Milliken’s Bend was a small community in Louisiana located on the west bank of the Mississippi River, about 15 miles above Vicksburg. It was near the border of Madison and Carroll Parishes [now East Carroll Parish]. Cotton and corn were the primary crops, and hundreds of slaves toiled on numerous plantations in the area. Indeed, African-Americans composed between 75% and 90% of the population in this region of Louisiana.
In 1860, Milliken’s Bend had a population of about 200 people and aspired to greatness. A local merchant even stocked goods from Paris. Its proximity to the River, including easy access to the major centers of commerce, such as Vicksburg, Natchez, and ultimately, New Orleans, enabled its small population to thrive – except when overwhelmed by occasional levee breaks or flooding.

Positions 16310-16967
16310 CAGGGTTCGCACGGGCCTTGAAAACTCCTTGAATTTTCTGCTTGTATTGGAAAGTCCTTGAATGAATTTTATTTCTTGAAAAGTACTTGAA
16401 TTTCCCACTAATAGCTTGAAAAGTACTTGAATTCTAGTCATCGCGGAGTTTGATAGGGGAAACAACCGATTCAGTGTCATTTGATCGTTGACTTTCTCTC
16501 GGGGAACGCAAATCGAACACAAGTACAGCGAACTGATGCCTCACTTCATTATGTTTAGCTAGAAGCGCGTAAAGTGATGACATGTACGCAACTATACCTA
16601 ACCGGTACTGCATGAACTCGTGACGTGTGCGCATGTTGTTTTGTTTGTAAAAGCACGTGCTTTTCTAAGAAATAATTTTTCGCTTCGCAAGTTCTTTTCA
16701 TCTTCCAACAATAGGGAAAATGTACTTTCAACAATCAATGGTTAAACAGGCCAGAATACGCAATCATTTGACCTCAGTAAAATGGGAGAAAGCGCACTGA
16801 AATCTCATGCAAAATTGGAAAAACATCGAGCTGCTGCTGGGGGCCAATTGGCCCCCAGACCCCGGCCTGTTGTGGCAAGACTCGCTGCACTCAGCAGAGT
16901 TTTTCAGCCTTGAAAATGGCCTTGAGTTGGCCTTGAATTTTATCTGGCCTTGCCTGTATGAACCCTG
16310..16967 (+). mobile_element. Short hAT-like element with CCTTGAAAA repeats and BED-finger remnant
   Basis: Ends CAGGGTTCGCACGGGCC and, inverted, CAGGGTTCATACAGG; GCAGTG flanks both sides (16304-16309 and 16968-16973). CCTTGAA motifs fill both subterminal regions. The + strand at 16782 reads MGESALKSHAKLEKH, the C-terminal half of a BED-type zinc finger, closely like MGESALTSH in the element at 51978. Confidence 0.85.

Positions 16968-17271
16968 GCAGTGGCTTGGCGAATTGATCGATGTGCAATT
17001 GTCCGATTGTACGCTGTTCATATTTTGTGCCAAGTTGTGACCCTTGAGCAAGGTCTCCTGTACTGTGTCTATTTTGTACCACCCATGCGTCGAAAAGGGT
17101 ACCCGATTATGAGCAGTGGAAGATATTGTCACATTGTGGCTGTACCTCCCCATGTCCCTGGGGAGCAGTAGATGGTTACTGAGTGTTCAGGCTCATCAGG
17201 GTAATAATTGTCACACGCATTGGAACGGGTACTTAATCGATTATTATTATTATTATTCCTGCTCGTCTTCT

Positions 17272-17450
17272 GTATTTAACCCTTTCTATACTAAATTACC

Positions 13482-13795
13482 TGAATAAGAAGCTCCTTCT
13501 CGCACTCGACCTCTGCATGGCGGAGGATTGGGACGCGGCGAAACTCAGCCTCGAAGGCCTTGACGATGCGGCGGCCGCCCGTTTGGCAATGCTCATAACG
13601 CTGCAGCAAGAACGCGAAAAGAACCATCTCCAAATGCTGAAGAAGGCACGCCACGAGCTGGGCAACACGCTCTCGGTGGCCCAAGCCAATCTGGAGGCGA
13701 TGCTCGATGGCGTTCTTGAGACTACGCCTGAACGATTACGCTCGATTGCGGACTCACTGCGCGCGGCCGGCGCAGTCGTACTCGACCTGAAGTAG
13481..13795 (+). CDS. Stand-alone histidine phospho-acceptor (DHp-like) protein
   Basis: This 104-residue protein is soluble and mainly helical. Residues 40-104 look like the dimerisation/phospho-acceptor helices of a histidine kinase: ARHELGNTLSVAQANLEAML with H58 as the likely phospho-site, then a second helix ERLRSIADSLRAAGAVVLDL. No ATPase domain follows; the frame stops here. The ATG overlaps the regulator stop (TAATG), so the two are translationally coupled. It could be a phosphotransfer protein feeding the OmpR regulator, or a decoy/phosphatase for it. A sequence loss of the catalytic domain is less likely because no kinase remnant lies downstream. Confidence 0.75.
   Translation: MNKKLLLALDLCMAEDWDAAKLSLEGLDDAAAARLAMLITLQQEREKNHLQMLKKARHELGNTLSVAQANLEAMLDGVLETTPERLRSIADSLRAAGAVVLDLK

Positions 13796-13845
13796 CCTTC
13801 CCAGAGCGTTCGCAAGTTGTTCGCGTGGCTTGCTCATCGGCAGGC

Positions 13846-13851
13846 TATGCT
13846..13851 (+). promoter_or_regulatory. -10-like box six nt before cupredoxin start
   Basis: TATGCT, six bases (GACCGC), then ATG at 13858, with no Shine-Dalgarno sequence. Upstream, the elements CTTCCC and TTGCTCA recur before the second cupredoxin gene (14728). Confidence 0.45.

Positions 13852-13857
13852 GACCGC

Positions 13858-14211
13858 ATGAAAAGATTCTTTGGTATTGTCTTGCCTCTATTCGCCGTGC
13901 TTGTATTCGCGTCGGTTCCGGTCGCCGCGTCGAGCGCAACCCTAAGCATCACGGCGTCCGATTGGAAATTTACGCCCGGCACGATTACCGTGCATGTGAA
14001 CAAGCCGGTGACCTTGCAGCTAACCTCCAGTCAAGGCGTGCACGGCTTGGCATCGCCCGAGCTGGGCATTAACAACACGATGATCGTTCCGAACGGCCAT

By early 1863, Milliken’s Bend had become one of several Louisiana staging areas for the Union Army as General U.S. Grant gathered his forces and made plans for the spring campaign against Vicksburg.
Today, Milliken’s Bend is gone – washed away in a flood in the early 20th century. Its story is all but forgotten.